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18 Things To Add To Your Lunch To Make It More Satisfying

Alex Shea
Author: Expert reviewer:
Alex Shea
By Alex Shea
mbg Contributor
Alex Shea is a freelance sex and relationships writer based in Texas. She studied Life Sciences at San Jacinto College and has a journalism certificate from the University of Michigan.
Lauren Torrisi-Gorra, M.S., RD
Expert review by
Lauren Torrisi-Gorra, M.S., RD
Registered Dietitian
Lauren Torrisi-Gorra, MS, RD is a registered dietitian, chef, and writer with a love of science and passion for helping people create life-long healthy habits. She has a bachelor’s degree in Communication and Media Studies from Fordham University, a Grand Diplôme in Culinary Arts from the French Culinary Institute, and master's degree in Clinical Nutrition and Dietetics from New York University.
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One thing I've learned from splitting my schedule between working six-hour stints at a bookstore and working from home: You can't make it through the day on caffeine and a to-do list forever. Eventually, you have to take time to nourish your body with the right foods.

To get a sense of what those are, we spoke with mindful eating expert Gisela Bouvier, RDN, about what to add to your midday meal so it keeps you full (and not tired) for hours.

How to build a satisfying lunch 

Here's the deal: Your body needs to consume quantities of three macronutrients1 in order to function properly: carbohydrates, proteins, and fats.

Carbohydrates help the body convert and store energy. Fiber is a type of carb that's special in that the body doesn't digest it. Because fiber doesn't break down into glucose like most carbs, it keeps you fuller for longer. There are a variety of foods that contain fiber, and fiber supplements can also be helpful for keeping you fueled and satiated. (Here are a few that nutrition experts highly recommend.)

Proteins help the body repair cells and create new ones. Because they're complex molecules by nature, proteins take the body a little longer to digest so they also keep you fuller for longer (not as long as fiber or fats but longer than your average carbs).

Finally, fats help the body absorb micronutrients, store energy, and assist in other functions. Their role as a sidekick to the other macronutrients makes them an essential part of your diet.

"In order to make any meal truly balanced, it's recommended to include all three macronutrients: carbohydrates, proteins, and fats," Bouvier explains. And depending on your health goals and stage in life, your body will need a particular combination of these macros throughout the day to keep you in tiptop shape. 

Including all three macros may not be doable for every meal, but there are plenty of hours (and meals) in a day to get all of the nutrients you need. Remember that when you design your lunches. It may be easier on some days to make or have a well-rounded meal; others not so much. Snacking in the middle of the day can also help keep you satisfied if you include some nutritious heavy hitters.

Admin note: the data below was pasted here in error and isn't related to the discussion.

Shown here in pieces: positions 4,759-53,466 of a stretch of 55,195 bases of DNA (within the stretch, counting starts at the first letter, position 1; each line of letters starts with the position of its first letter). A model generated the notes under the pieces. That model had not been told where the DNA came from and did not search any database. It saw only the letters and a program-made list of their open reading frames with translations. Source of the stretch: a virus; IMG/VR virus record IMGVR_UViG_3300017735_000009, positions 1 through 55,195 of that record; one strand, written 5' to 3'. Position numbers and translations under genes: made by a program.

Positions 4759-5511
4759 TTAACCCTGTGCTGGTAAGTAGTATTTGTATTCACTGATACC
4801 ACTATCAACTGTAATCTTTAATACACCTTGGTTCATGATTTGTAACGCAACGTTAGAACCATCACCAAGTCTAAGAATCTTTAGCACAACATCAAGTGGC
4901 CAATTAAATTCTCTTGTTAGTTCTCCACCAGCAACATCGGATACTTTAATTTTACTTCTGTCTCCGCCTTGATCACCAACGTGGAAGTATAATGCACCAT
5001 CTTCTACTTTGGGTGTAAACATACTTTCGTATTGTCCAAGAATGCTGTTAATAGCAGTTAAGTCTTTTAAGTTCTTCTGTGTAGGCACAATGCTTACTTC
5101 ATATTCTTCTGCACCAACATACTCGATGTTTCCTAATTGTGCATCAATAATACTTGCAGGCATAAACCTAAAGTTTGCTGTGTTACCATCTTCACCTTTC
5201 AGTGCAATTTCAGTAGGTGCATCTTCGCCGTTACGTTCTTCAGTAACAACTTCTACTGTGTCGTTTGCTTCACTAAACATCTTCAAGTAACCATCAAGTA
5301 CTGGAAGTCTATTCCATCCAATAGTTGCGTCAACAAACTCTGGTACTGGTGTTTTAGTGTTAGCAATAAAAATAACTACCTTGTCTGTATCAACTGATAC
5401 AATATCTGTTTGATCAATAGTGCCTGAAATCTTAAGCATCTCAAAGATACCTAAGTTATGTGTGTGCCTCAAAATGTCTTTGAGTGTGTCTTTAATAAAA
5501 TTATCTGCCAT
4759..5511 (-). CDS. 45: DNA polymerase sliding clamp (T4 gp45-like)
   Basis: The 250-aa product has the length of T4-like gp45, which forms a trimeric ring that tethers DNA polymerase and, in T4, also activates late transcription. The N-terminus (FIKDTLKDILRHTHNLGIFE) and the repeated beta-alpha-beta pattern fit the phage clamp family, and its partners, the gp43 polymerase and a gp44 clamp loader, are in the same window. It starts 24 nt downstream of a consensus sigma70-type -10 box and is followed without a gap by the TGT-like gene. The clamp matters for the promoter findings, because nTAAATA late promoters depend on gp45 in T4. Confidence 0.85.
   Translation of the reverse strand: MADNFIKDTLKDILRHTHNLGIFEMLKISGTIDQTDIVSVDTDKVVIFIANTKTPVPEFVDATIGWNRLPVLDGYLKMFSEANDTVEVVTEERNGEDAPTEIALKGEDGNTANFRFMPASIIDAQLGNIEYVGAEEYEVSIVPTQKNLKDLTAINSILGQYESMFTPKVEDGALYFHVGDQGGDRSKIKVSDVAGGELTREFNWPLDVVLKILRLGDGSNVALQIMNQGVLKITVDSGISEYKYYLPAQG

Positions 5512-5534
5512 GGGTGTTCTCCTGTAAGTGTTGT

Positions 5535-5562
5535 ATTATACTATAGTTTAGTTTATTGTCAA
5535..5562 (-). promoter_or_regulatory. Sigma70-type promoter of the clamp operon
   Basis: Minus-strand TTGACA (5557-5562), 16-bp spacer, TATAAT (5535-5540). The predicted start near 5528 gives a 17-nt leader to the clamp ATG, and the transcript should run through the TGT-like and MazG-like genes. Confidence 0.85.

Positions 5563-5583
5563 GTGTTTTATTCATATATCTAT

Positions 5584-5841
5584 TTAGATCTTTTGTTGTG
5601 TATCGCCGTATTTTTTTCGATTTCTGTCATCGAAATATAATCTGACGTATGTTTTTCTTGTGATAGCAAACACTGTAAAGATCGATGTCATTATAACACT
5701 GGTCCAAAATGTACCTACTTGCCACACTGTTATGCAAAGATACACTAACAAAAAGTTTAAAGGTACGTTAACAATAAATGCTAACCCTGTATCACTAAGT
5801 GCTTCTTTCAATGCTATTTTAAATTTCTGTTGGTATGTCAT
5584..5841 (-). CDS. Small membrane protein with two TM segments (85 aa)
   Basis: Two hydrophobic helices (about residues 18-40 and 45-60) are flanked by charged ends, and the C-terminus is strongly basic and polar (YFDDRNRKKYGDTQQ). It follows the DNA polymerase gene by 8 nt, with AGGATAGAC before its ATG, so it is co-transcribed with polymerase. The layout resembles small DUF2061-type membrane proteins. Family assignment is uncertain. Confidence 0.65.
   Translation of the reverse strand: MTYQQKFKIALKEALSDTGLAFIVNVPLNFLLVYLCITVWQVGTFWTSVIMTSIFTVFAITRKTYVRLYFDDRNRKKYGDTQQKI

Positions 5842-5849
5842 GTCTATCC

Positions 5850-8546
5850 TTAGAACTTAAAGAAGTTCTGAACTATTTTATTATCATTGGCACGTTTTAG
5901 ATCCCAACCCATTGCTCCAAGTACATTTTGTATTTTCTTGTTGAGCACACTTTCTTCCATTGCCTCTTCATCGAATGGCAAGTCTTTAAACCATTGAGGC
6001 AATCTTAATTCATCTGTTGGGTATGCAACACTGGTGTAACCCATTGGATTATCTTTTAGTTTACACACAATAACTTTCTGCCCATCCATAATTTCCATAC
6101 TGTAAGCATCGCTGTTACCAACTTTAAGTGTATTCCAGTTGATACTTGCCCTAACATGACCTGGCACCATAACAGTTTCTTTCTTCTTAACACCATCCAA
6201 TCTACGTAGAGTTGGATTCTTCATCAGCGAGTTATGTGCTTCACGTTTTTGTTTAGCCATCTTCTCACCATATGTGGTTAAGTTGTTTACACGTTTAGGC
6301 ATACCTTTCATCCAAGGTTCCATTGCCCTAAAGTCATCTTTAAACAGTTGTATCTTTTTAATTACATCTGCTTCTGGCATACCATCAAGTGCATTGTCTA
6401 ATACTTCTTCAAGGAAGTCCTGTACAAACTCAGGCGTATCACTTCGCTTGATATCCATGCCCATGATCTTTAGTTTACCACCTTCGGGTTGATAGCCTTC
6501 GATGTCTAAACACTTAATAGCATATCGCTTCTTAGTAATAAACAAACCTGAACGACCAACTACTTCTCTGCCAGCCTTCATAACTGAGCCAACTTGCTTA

Ingredients to add

Here are the foods Bouvier recommends adding to your lunch to help round out its nutritional profile and make it more satisfying. Keep in mind that these foods often contain more than one macronutrient as well as a host of vitamins and minerals. For example, nuts are an excellent plant-based protein as well as a good source of fat!

Fibrous carbohydrates:

  1. Whole grain or whole wheat bread
  2. Bean-based pasta
  3. Pulses (aka edible seeds of legumes: beans, lentils, peas)
  4. Starchy vegetables (potatoes and corn)
  5. Nonstarchy vegetables (broccoli, cauliflower, mushrooms)
  6. High-fiber fruits 


  1. Lean meat & fish (chicken, turkey, tuna, salmon)
  2. Eggs
  3. Greek yogurt
  4. Cheese
  5. Tofu & tempeh


  1. Nuts
  2. Seeds
  3. Avocados
  4. Olives
  5. Hummus
  6. Healthy oils

When designing a lunch meant to satiate and keep you grooving through the day, play around with the foods you include. Here are some recipe ideas to get you started.

The takeaway

It's easy to get swept up in the day and believe you don't have the time for a nutritious lunch, but even a little something can make a huge difference in how you move through your afternoon. Do your best and give yourself grace as you aim to work some fibrous carbs, proteins, and fats into your next lunch. Bonus points if you eat it away from your computer.

Alex Shea author page.
Alex Shea

Alex Shea is a storyteller and generational healing life coach with words in Byrdie, Verywell Mind, HuffPost, Shape, and more. Outside of publications, Alex writes stories that touch on, and sometimes intertwine, themes of grief and magic.

With a unique view on life, she taps into her own experiences to guide folks to live life for themselves, empowering them to explore their inner wild and find their own way in adulthood. Her weekly newsletter is a tiny way she furthers her mission to hold space for the unfathomable, romantic, and messy parts of life that make it that much more beautiful.